Knowledge is power

Attending School of Public Health trained me to look through social problems in big pictures. The change of a single policy and the spread of one piece of information could benefits huge amount of population. And my summer internship at Michigan Organization on Adolescent Sexual Health’s (MOASH) gave me deeper feeling about this.

The Michigan Organization on Adolescent Sexual Health’s (MOASH) Michigan Youth Consent Day (MY Consent Day) is an awareness campaign that does focus on consent among college students, it aims to be a credible and valuable resource for all young people in Michigan. The information provided is relevant to adolescents across the state and can be tailored to meet the needs of most groups wanting to implement their own awareness campaign on the issue of consent vs non-consent.

Here are some facts: In the state of Michigan, 4% of males and 25% of female students experience sexual assault on college campuses. Over 40% of LGBT students get sexually assaulted during their time as university students in Michigan. 65% of sexual assaults go unreported and unrecognized due to lack of knowledge of consent, rights and resources. According to the 2012 FBI Crime Report, Michigan had the third highest reported rates per 100,000 people compared to other states in the U.S. All these facts indicate that prevention education of sexual assault among Michigan adolescents is incredibly important.

Sexual assault among students at universities/colleges is a serious issue. As a student at a school in Michigan, I have learned that it is important to know how to protect, not only ourselves, but also our friends from being sexually assaulted. A large piece of this is gaining an understanding of the difference between consent and nonconsent. Without this, it is all too easy to overlook (and be dismissive of) serious acts of sexual assault when (a) it happens to us, (b) is done by us to others, and/or (c) when we hear of sexual assault situations from others after the fact.  Without educating ourselves, we are only perpetuating a culture that is apathetic about this issue, allowing for indifference and disregard by policymakers, law enforcement, school administration, and other critical players instrumental in any hope for creating change that will result in effective prevention, discipline for offenders, and support for survivors.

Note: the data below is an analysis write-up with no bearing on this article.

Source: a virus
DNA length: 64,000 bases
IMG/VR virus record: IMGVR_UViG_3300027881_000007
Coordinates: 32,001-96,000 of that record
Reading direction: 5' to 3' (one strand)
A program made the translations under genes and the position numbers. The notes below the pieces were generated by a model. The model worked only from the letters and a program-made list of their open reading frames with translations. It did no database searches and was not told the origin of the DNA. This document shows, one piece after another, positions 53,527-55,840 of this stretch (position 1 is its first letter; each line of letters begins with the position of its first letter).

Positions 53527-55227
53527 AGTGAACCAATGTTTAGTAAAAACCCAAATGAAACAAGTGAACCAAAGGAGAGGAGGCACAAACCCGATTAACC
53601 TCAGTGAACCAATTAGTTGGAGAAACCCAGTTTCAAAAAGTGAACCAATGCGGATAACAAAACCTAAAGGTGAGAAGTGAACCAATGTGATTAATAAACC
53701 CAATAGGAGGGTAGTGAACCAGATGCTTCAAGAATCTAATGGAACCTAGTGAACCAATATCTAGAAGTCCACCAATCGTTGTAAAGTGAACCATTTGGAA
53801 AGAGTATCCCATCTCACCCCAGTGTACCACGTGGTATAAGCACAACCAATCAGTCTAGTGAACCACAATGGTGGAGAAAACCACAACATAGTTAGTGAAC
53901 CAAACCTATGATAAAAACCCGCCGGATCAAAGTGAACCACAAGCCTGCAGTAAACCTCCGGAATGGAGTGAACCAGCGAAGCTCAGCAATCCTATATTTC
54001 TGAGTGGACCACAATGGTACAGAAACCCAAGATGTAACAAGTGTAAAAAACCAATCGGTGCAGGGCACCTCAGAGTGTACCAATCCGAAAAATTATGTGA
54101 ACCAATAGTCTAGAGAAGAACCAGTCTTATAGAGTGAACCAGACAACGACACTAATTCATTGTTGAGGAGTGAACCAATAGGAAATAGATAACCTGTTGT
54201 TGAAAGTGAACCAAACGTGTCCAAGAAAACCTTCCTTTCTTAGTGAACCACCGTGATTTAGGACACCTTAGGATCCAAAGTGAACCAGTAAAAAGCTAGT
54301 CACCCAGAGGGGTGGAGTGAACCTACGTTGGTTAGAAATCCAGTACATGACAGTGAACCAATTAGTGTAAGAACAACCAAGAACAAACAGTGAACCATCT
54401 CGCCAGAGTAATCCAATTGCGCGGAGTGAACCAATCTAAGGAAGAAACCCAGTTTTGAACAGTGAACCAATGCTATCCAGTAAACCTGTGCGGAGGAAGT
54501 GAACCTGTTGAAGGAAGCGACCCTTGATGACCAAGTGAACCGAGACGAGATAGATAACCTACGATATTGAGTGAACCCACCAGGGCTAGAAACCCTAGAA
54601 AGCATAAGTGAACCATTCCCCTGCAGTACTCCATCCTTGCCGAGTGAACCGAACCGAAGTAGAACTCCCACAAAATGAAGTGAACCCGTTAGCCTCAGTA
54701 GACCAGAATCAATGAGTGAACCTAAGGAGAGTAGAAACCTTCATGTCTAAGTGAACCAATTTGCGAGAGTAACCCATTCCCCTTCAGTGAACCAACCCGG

Many universities in Michigan appear to address sexual assault among their students, at least to some degree. The largest schools seem to have the easiest programs/resources to identify.  Michigan State University, for example has a sexual assault counseling center. Volunteers from the Sexual Assault Crisis Intervention team are trained to provide supportive service to sexual assault survivors (this group is also putting on A MY Consent Day event on 9/22!). The college of Communication Arts & Sciences also creates an Every Two Minutes (E2M) documentary and theater performance to address sexual violence issue.  Wayne State University lists the sexual assault and harassment policy on their student conduct services webpage. Students can also find complaint process and a series of resources available for survivors.  At the University of Michigan, the Sexual Assault Prevention and Awareness Center (SAPAC) provides educational and supportive resources, including a 24 hour crisis line.  As of the 2014-2015 school year, UM freshmen are required to take a series of online informational modules, (1) AlcoholEdu for College and (2) Haven-Understanding Sexual Assault learning how to identify sexual assault, appropriately respond to sexual assault, and protect themselves from sexual assaulted in a college environment.

The website of MOASH offers a multitude of educational materials for adolescents attending smaller colleges/high schools, community colleges/high schools, online institutions, with the lack of supporting healthy sexual education. Questionnaires ask readers to test their knowledge about ways of handling nonconsensual and bystander situations. Articles provide information regarding laws and policies on this issue. MY Consent Day also shares findings on the development of innovative ways to combat this issue, such as phone apps.  For example, the Circle of 6 app can connect six close friends, and with just two taps, can notify friends of your location and that you need help. An emergency tab is also available to let the user report sexual assault in a safe and efficient way. For adolescents who are interested in learning knowledge to protect themselves from sexual assault, MY Consent Day is a great website to start with.

Knowledge is power when dealing with situations of consent and sexual assault.

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